“Unless one practices medicine or works with medical literature, one is unlikely to encounter the enormous mass of words used to describe the things that go wrong with us. But the words are out there, multisyllabic and waiting.”
All day long Polina sat anxiously waiting in her neighbors’ apartment, with its cracked windowpanes and boiling sausages, filled wall to wall with beds, piles of clothing, and damp water buckets sweating into towels.
“Several friends and journalists have noted the absence of text in Singapore. I have the most immense respect for the authority of words; that’s why I’ve not allowed any into the book.”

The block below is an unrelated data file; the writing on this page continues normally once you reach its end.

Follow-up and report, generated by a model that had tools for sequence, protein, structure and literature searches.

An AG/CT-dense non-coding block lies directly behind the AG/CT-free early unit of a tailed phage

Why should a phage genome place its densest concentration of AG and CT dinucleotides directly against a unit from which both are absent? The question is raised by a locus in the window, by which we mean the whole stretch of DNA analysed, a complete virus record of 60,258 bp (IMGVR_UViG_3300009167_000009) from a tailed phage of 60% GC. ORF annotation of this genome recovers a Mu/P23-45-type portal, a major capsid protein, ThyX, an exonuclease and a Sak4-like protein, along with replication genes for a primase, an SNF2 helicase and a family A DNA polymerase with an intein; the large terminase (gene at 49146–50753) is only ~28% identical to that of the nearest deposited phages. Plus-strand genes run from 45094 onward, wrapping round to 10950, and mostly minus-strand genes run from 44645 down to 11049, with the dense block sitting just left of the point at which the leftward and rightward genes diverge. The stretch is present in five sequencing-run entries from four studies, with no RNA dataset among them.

“You don’t need an MFA to be a good writer, but you need readers who understand what you are trying to do, and won’t let you get away with not doing that.”
This is the story: Kit was home after school, making her favorite sandwich of kale and peanut butter. The phone rang and she didn’t answer. They’re almost in the new millennium, but Kit’s family still has an answering machine that looks like a shoebox with vents.